All U.S. carriers deployed their initial 5G networks in non-standalone (NSA) mode, which relies on 4G LTE as its backbone. With 5G standalone, the 5G network is entirely separate from the carriers’ 4G infrastructure, which will offer some major benefits.
Verizon has completed their first test data session on its 5G standalone core network, and they are on track to start shifting traffic over from the current 4G-backed network to the standalone 5G network later this year.
“The 5G standalone core is critical for unleashing the most advanced benefits of 5G technology including remarkable levels of programmability to manage the advanced solutions and exponential traffic that 5G will bring,” said Bill Stone, Vice President of Planning for Verizon.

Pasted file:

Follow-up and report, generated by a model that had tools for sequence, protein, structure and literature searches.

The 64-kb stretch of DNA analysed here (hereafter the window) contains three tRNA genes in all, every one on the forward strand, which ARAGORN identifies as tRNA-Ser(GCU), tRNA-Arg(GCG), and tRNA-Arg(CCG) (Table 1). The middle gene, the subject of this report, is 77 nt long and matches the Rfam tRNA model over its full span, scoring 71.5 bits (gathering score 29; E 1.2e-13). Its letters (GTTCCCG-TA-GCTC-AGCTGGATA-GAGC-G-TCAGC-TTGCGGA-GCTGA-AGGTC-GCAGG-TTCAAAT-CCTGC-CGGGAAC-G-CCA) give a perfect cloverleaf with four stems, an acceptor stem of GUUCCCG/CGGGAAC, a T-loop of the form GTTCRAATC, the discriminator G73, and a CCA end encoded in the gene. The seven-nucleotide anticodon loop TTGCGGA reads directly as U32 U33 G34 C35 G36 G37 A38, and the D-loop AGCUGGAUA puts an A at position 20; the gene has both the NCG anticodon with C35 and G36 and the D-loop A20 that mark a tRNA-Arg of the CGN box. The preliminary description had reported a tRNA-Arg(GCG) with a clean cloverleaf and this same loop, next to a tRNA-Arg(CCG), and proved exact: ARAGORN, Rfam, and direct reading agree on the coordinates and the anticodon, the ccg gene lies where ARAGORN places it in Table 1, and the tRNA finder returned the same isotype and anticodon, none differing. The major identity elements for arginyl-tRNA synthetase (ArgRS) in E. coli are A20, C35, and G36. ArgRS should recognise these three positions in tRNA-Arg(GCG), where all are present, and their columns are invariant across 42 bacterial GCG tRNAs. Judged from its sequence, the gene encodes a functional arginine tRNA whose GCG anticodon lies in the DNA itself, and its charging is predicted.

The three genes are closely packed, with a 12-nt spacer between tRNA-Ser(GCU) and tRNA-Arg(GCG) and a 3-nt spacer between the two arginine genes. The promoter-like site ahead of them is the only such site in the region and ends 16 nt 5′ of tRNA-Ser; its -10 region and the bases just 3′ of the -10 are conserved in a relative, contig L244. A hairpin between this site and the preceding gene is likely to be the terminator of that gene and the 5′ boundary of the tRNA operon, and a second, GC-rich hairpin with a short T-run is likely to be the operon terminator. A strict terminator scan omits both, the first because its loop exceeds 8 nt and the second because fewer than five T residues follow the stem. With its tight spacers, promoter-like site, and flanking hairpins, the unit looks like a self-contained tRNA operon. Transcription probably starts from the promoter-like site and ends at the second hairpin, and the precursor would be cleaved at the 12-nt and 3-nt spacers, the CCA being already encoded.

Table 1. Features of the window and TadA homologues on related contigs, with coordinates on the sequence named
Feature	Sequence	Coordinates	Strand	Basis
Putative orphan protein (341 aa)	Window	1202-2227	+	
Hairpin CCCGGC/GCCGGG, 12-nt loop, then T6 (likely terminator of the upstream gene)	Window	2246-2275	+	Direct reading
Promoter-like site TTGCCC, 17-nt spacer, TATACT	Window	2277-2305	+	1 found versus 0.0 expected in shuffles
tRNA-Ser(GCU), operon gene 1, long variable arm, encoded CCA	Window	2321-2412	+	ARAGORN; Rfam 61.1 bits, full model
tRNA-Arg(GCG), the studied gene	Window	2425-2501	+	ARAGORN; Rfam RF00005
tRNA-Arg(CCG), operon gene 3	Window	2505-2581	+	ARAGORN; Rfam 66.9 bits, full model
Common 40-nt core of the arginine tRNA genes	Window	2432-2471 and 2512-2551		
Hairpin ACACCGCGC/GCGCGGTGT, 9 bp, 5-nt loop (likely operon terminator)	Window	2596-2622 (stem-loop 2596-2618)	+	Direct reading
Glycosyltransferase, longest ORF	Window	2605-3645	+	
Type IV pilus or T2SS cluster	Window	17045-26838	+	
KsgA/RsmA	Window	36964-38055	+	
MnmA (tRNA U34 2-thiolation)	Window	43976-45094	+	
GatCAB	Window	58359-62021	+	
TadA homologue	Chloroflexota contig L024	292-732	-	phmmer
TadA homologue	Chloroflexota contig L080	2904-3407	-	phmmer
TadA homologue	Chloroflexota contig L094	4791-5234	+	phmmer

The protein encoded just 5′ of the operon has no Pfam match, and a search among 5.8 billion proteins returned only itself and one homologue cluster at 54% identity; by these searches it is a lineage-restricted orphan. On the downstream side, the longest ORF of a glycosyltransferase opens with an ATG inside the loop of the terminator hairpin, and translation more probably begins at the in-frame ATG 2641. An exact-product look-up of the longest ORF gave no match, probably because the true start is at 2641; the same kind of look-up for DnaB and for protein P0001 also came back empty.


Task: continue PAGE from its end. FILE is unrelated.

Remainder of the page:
Verizon’s 5G standalone core is comprised of software applications, compute, networking, and storage, and also combines built-in artificial intelligence (AI) and Machine Learning (ML). These technologies will let Verizon allocate network resources for specific applications (AKA “network slicing”) and automate network configuration changes, meaning they will be able to scale up or down to prioritize certain services and resources as needed.
Verizon anticipates to be ready for full commercialization of its 5G standalone core in 2021.